Tsuj’s Ten: Detroit loss fuels Griffs for return of the MAAC
blog by Ben Tsujimoto • January 03, 2013 @ 1:31pm
Covering the Canisius vs. Detroit game Sunday was worthwhile for more reasons than wandering around Comerica Park, Ford Field and Greektown. Jim Baron’s upstart Griffins met a foe of equal ability, and despite an 83-78 defeat, demonstrated more resilience and toughness, two qualities oft-absent during the non-conference portion of NCAA teams’ schedules—particularly on the road.
“I felt like this one slipped away from us—I thought [Detroit] played a good game, but I think we lost it overall,” junior guard Billy Baron ruminated. “We had momentum going into halftime, and coming out right away I thought we’d pull away by double-digits.”
The test took a toll, however, as the Griffs were banged up by a feisty Titans squad and a lenient officiating crew. Point guard Billy Baron received the brunt of the punishment, pulling himself off the ground three times after he was fouled hard driving to the rim.
He met Canisius Griffin editor-in-chief Nick Veronica and me in the hallway outside the Canisius locker room, a giant ice pack wrapped tightly around his right knee.
“I got hit a few times, but I’ll be fine,” Baron told us bluntly following the game. His status for tonight’s home game against Fairfield (7 p.m., AM 1400) is uncertain, but we’d be surprised if he didn’t suit up.
“We have to get healthy—they were beating the hell out of Billy—I saw blood at one point,” Jim Baron said with annoyance. “One over the back—I was irate—you can’t let that happen. I was worried about guys getting hurt for [conference] play.”
1) Plagued by turnovers: The Griffins committed 23 turnovers against Detroit, as the Titans were very aggressive in defending ball-screens, and their team-wide physicality threw off Canisius’ timing. Credit Detroit’s Nick Minnerath and Doug Anderson, who were both active and versatile defensively, and often were forced to combat stronger opponents. Harold Washington paced the Griffs with six turnovers, Billy Baron and Isaac Sosa each had four, while Reggie Groves and Chris Manhertz each had three. Many of the turnovers were travels or out-of-control drives, and Billy Baron wasn’t too concerned post-game.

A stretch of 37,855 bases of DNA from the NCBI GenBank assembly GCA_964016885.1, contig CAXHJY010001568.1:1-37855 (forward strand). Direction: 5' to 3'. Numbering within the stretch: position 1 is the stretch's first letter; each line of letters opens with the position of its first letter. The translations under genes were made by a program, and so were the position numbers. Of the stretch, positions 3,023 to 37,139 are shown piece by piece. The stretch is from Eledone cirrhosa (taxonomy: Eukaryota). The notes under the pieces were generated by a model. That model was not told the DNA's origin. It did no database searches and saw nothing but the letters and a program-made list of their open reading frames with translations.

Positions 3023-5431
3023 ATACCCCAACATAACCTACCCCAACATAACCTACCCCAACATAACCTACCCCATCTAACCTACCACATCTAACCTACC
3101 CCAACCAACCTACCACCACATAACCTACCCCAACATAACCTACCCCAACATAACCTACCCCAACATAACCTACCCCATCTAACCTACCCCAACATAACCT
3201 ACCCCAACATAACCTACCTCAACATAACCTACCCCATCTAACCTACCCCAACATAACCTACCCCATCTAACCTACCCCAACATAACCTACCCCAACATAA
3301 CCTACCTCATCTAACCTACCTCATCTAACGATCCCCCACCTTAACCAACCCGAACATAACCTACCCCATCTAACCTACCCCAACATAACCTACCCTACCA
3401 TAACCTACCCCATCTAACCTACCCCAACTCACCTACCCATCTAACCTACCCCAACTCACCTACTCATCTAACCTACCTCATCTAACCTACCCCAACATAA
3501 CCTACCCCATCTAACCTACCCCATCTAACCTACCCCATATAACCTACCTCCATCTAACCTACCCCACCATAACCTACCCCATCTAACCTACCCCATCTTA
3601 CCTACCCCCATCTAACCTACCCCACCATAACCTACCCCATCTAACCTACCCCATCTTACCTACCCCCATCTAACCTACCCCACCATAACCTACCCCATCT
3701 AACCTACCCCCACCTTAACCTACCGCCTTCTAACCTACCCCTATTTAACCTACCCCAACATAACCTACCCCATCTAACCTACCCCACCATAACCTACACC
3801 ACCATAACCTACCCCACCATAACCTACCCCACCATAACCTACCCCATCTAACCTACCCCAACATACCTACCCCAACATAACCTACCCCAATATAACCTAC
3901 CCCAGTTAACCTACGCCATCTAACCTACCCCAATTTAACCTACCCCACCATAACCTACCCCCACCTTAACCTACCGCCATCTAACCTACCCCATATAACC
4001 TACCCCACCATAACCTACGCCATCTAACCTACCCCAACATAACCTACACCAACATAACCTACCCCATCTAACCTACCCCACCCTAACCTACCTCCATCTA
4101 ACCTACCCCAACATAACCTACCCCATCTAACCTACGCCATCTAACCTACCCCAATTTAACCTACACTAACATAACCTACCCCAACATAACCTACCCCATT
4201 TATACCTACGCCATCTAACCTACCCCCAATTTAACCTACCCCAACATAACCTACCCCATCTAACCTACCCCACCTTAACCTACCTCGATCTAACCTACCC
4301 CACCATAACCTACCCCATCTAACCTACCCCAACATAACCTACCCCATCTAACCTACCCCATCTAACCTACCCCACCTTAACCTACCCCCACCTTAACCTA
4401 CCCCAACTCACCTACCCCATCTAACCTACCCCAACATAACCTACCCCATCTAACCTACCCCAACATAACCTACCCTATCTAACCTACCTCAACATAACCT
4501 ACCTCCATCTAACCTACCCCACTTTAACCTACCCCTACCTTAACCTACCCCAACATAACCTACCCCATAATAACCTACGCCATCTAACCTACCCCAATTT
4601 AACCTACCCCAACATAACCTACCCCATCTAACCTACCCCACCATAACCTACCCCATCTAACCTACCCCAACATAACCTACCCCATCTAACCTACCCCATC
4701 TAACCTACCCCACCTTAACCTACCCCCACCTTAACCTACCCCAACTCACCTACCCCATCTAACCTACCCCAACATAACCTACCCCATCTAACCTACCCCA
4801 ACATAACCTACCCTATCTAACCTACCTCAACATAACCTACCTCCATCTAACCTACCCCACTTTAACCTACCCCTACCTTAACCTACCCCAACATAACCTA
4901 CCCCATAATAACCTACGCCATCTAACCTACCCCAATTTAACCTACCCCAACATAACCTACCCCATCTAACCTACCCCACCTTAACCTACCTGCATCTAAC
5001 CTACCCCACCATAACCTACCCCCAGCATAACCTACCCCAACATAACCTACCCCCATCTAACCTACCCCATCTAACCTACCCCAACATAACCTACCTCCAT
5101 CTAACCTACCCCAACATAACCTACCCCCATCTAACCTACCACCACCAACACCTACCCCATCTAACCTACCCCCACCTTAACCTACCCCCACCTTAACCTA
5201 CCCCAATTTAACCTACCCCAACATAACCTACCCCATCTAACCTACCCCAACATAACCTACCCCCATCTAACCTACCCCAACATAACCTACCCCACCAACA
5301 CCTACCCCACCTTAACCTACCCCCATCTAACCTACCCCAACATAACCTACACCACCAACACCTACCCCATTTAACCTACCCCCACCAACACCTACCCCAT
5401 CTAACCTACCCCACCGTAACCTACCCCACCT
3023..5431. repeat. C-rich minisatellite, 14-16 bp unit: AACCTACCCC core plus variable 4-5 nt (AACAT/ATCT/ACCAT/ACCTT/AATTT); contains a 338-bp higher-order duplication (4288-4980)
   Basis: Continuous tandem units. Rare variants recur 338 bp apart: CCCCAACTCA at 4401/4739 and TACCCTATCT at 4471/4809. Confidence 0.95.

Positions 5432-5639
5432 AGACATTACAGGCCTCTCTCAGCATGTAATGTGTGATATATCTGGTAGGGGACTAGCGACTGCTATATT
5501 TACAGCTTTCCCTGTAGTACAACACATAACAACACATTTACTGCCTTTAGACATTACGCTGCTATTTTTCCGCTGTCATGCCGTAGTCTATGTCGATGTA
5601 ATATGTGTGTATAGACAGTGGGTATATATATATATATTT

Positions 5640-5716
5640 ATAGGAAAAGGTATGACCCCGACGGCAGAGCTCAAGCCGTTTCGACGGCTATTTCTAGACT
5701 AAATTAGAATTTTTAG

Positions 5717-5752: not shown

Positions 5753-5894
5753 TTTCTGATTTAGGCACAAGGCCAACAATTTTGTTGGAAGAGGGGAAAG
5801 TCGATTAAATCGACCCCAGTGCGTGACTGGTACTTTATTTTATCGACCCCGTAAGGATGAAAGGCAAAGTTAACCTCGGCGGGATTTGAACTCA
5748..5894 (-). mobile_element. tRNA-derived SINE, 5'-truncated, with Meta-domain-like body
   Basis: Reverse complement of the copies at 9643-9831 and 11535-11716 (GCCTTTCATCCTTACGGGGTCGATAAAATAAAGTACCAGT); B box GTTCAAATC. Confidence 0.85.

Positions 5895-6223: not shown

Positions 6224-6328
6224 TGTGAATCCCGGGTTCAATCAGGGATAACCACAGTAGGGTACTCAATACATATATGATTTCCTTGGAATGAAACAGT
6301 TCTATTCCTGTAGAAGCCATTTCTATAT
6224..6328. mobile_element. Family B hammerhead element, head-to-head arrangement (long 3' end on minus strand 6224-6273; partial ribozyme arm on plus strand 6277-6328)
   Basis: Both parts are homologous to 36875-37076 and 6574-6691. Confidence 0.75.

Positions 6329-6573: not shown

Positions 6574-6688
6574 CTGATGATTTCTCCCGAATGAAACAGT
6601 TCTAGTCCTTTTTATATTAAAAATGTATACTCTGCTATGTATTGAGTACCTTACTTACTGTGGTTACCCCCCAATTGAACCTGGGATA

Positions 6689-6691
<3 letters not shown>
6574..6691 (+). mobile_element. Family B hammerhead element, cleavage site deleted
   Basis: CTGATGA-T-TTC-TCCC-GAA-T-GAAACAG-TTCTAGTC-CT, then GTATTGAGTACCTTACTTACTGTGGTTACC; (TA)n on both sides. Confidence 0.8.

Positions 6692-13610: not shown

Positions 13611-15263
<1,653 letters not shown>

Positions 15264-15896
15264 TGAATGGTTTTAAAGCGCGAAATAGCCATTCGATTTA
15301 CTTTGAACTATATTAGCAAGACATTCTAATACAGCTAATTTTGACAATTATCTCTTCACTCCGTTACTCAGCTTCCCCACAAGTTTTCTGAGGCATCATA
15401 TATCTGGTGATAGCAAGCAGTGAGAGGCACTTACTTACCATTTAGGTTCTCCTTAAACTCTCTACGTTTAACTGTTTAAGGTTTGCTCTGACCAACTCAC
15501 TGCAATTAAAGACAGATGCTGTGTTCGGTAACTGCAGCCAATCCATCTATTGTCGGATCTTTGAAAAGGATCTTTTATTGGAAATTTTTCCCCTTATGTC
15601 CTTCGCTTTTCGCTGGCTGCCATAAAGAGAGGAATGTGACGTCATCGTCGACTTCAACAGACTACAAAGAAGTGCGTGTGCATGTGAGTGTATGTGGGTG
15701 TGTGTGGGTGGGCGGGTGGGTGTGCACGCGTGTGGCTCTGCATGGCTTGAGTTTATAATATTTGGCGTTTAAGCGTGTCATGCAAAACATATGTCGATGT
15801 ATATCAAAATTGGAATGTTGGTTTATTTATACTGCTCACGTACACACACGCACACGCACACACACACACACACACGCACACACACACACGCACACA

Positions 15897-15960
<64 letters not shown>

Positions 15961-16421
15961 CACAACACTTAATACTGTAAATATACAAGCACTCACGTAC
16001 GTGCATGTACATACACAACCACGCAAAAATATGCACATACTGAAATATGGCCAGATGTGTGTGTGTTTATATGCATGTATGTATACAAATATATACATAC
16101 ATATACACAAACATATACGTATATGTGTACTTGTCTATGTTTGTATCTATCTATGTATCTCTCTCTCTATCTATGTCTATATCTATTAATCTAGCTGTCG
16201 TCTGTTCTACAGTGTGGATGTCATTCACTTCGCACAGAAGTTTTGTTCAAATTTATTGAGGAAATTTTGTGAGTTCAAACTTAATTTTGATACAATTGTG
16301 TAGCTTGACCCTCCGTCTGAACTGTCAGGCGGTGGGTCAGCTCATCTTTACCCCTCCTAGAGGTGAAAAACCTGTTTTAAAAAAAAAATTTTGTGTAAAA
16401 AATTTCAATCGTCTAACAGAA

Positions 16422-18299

“That’s something you can easily fix,” the MAAC Player of the Week explained. “We just have to be a little more aware—[Detroit] played screens a little different, they were crafty with that—and we’ll have to look over film to be more aware of that.”
2) Fear the Titans: Ray McCallum Sr. and the Titans advanced to the NCAA Tournament after knocking off Valparaiso in the Horizon League final. Even though Detroit fell in the first round to eventual runner-up Kansas, four rotation players have returned from that group, including junior guard Ray McCallum Jr., who actually lent advice to Billy Baron shortly after the transfer left Rhode Island.
Despite shooting only 5-14 from the floor, McCallum was exceptional from the free-throw line, sinking seven in the game’s final 50 seconds to ward off Canisius’ desperate long-distance barrage. The projected NBA second round pick is a major reason the Titans have won 15 straight on Dick Vitale Court.